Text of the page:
Medal News

Volume 49, Number 6, June 2011

Boney's Doctor

Volume 49, Number 6, June 2011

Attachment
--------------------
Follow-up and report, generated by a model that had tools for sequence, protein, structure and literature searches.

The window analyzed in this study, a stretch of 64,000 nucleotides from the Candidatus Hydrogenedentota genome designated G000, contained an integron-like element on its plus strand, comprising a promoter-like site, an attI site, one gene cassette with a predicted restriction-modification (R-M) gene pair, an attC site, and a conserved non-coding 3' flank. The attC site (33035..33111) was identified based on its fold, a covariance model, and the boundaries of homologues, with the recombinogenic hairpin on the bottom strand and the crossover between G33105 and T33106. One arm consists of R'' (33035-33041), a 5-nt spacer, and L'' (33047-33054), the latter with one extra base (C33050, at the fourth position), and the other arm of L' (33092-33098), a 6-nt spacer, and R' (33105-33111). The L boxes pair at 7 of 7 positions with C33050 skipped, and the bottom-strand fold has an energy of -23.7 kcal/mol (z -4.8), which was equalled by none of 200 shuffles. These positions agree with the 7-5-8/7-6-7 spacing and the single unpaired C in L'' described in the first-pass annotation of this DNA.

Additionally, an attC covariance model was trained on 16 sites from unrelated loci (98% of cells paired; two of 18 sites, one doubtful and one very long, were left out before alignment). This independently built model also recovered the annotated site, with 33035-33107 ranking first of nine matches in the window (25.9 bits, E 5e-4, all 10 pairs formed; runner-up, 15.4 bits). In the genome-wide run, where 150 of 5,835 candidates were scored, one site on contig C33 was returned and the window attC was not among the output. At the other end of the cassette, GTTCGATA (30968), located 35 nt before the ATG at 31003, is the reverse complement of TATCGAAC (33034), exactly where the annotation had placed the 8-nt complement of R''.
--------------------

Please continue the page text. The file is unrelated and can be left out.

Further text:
Dangerous ground WE REPORTED in the April issue of MEDAL NEWS that the Australian Government was planning to set up an inquiry to look at the issue of retrospective awards—particularly the Victoria Cross—for certain individuals. It appears that on April 16 an “independent Defence Honours and Awards Appeals Tribunal” was announced with a view to looking at “unresolved recognition for past acts of naval and military gallantry and valour”. Senator David Feeney, Australian Secretary for Defence has announced that 13 cases will be looked at and that he has “directed the Tribunal to make recommendations on the eligibility of the listed naval and military members to receive the Victoria Cross, the Victoria Cross for Australia or other forms of recognition for their service”. Now this is bound to become an emotive issue and one that is likely to polarise the medal hobby, the armed forces, historians and even the general public and if you thought the debate about the legitimacy of the Victoria Cross for Australia was heated, might I suggest “you ain’t heard nothing yet”. My own opinion on this matter should be well known to readers—I am firmly against changing history and really do feel that once you start by opening a can of worms like this there simply is no going back and the whole thing gets quickly out of hand. It seems to me that over the past decade or so there has been a movement towards righting the perceived wrongs of the past—we have had Governments apologising for things that happened centuries ago, plans to pardon those who broke hard and fast rules and now, apparently, a fresh look at honours and awards for acts that took place decades ago. Now, of course, it may seem very noble to reward people for gallantry years after the act and it may seem honourable to apologise for making mistakes—but is it right? And is it necessary? Throughout history there have been countless examples of those in authority getting things wrong. Sometimes their mistakes are acknowledged at the time and sometimes it isn’t until decades later that their actions are perceived as incorrect. When such mistakes are noticed in time, when the wrong can be righted and the effect of the mistake negated, then I am all for ensuring that something is done. But when the mistake is one only noticed years later, with the benefit of hindsight and a different moral code, then I am not so sure that trying to “right the wrong” does anybody any real good at all. After all, who is to actually say a mistake has been made at all—yes, by today’s standards it might be seen as wrong, but that doesn’t automatically make it so in the context of the time it was actually made. Plainly the act of apologising for certain foreign wars, etc,. is pointless—the government that apologises has no real connection with the government that went to war, and even if it did the fact remains that the war was perceived as correct at the time, by men who believed it to be justified. Today we might not agree with or even understand such justification, but that is irrelevant—we aren’t living their lives or in their era, so to judge their actions by our own morality is ridiculous. Similarly, to pardon those who we today see as victims rather than criminals is equally nonsensical; again we can’t put ourselves in the shoes of those who made such judgements a century ago, so why should we even try. This being the case, the same must be said when it comes to retrospective gallantry. Undoubtedly many men on the Australian list deserved medallic recognition and undoubtedly many others throughout history have been overlooked (Paddy Mayne, DSO and three bars but no VC comes to mind immediately) and there are probably hundreds of cases where medals, honours and decorations weren’t awarded when they perhaps should have been. Perhaps the awards weren’t made because of politics or maybe the individual was overlooked for personal reasons (rubbing your CO up the wrong way was always a good way of not getting a medal). But whatever the cause, the fact is that the awards were not made at the time and to try and gauge today whether they should have been or not is asking for trouble. If this Tribunal does recommend 13 new VCs, where does such an inquiry stop? If any of the men on the list are posthumously given a medallic award of any kind what is to stop families or regiments from petitioning to have their man thus honoured—if not with a VC why not a DSO, MC, DCM or MM? To allow such retrospection now, to tinker with history and try to view it with the rosecoloured spectacles of today, can do no good. Yes, the families of the men so honoured will be justly proud; they will, undoubtedly, be pushing to have their loved one honoured in the highest possible way and I don’t want to take that away from them, But looking at the bigger picture I fear that if they are successful it could prove not only contentious but also very divisive—after all, if we are looking to retrospectively award then isn’t there the potential to retrospectively strip a man of a medal too? If governments are to start giving out new honours to men whose actions took place decades ago, then what is to stop them looking again at some awards that were made and deciding—in the spirit of the righting of wrongs—that actually, using the brand new moral compass of today, such and such an award was not justified and that it was made for political reasons only (or worse jingoistic, if not racist ones) and thus shouldn’t stand. Dodgy ground undoubtedly but ground that is already being trod with this Tribunal. I await the outcome of it with interest.

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